After a two-month lull, Russia has launched hundreds of drones and missiles on Ukraine since early May, chiefly on Kyiv, with Ukraine saying it was targeting military facilities but also hitting residential areas.

WAR IN UKRAINE

Putin sent troops into Ukraine on February 24 last year in what the Kremlin expected to be swift operation but its forces suffered a series of defeats and had to move back and regroup in swathes of eastern Ukraine.

Russia now controls at least 18% of what is internationally recognized to be Ukrainian territory, and has claimed four regions of Ukraine as Russian territory.

For months, tens of thousands of Russian troops have been digging in along a front line which stretches for around 600 miles (1,000km), bracing for a Ukrainian attack which is expected to try to cut Russia's so-called land bridge to the Crimean peninsula, which Russia annexed in 2014.

Ukraine vows to eject every last Russian soldier from its territory, and casts the invasion as an imperial-style land grab by Russia.

Russia says the West is fighting a hybrid war against Russia to sow discord and ultimately carve up Russia's vast natural resources, allegations that Western leaders deny.

(Writing by Guy Faulconbridge in Moscow, Lidia Kelly in Melbourne and David Ljunggren in Ottawa; editing by Diane Craft, Lincoln Feast and Philippa Fletcher)

Chuck Schumer

Senate Passes Bipartisan Debt Limit Bill, Averting Catastrophic Default

By Richard Cowan and Gram Slattery

WASHINGTON (Reuters) - The U.S. Senate on Thursday passed bipartisan legislation backed by President Joe Biden that lifts the government's $31.4 trillion debt ceiling, averting what would have been a first-ever default.

The Senate voted 63-36 to approve the bill that had been passed on Wednesday by the House of Representatives, as lawmakers raced against the clock following months of partisan bickering between Democrats and Republicans.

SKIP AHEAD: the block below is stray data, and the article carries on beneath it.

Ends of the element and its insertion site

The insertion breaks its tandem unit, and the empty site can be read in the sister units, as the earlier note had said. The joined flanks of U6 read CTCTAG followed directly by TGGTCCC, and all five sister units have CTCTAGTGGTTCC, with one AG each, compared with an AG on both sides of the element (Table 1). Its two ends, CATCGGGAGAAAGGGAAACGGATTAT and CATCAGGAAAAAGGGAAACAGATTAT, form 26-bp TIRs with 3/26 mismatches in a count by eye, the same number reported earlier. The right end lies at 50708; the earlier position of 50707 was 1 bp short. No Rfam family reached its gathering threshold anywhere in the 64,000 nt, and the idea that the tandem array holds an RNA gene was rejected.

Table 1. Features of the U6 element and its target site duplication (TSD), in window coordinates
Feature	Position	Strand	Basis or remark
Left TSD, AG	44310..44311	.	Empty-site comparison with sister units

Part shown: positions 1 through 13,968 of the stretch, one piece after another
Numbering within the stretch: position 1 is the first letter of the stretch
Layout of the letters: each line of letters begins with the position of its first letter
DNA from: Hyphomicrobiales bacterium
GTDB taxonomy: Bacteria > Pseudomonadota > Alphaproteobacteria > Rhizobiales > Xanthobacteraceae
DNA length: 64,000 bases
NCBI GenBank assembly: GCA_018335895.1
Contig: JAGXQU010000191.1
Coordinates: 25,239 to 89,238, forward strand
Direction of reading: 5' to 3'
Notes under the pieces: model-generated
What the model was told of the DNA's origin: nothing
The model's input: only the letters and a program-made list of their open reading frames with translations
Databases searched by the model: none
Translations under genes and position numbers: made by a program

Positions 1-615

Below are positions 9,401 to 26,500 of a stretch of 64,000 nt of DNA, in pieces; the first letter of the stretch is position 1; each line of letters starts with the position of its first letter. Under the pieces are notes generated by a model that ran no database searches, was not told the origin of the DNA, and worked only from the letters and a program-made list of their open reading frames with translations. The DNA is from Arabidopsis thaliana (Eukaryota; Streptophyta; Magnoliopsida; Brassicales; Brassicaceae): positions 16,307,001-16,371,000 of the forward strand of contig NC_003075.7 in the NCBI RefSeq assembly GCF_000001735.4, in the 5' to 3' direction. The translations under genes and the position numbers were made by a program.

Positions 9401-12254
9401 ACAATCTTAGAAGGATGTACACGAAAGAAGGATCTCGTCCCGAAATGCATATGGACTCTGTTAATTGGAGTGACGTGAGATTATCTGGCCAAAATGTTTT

The Treasury Department had warned it would be unable to pay all its bills on June 5 if Congress failed to act by then.

"We are avoiding default tonight," Senate Majority Leader Chuck Schumer said on Thursday as he steered the legislation through his 100-member chamber.

Biden praised Congress' timely action. "This bipartisan agreement is a big win for our economy and the American people," the Democratic president said in a statement, adding that he will sign it into law as soon as possible. He said he would make an additional statement on Friday at 7 p.m. EDT (2300 GMT).

Biden was directly involved in negotiations on the bill with House Speaker Kevin McCarthy.

While this bitter battle has ended, Senate Republican Leader Mitch McConnell wasted no time flagging the next budget fight.

"In the coming months, Senate Republicans will continue working to provide for the common defense and control Washington Democrats’ reckless spending," he said in a statement.

McConnell was referring to 12 bills Congress will work on over the summer to fund government programs in the fiscal year beginning October 1, which will also carry out the broad instructions of the debt limit bill.

Treasury Secretary Janet Yellen, meanwhile, issued some pointed advice saying, "I continue to strongly believe that the full faith and credit of the United States must never be used as a bargaining chip," as Republicans did over the past several months.

Before the final vote, senators tore through nearly a dozen amendments - rejecting all of them during a late-night session in anticipation of Monday's deadline.

With this legislation, the statutory limit on federal borrowing will be suspended until January 1, 2025. Unlike most other developed countries, the United States limits the amount of debt the government can borrow, regardless of any spending allocated by the legislature.

"America can breathe a sigh of relief," Schumer said in remarks to the Senate.

Republicans had blocked passage of any debt limit increase until they locked in some wide-ranging spending cuts in a move they said would begin addressing a rapidly escalating national debt.

Biden instead pushed for tax increases on the wealthy and corporations to help address the growing debt. Republicans refused to consider any sort of tax hikes.

Both parties walled off the sprawling Social Security and Medicare retirement and healthcare programs from cuts, and McCarthy refused to consider reducing spending on the military or veterans.

That left a somewhat narrow band of domestic "discretionary" programs to bear the brunt of spending cuts. In the end, Republicans won about $1.5 trillion in reductions over 10 years, which may or may not be fully realized. Their opening bid was for $4.8 trillion in savings over a decade.

Treasury technically hit its limit on borrowing in January. Since then it has been using "extraordinary measures" to patch together the money needed to pay the government's bills.

Biden, Yellen and congressional leaders all acknowledged that triggering a default for lack of funds would have serious ramifications. Those included sending shock waves through global financial markets, possibly triggering job losses and a recession in the United States and raising families' interest rates on everything from home mortgages to credit card debt.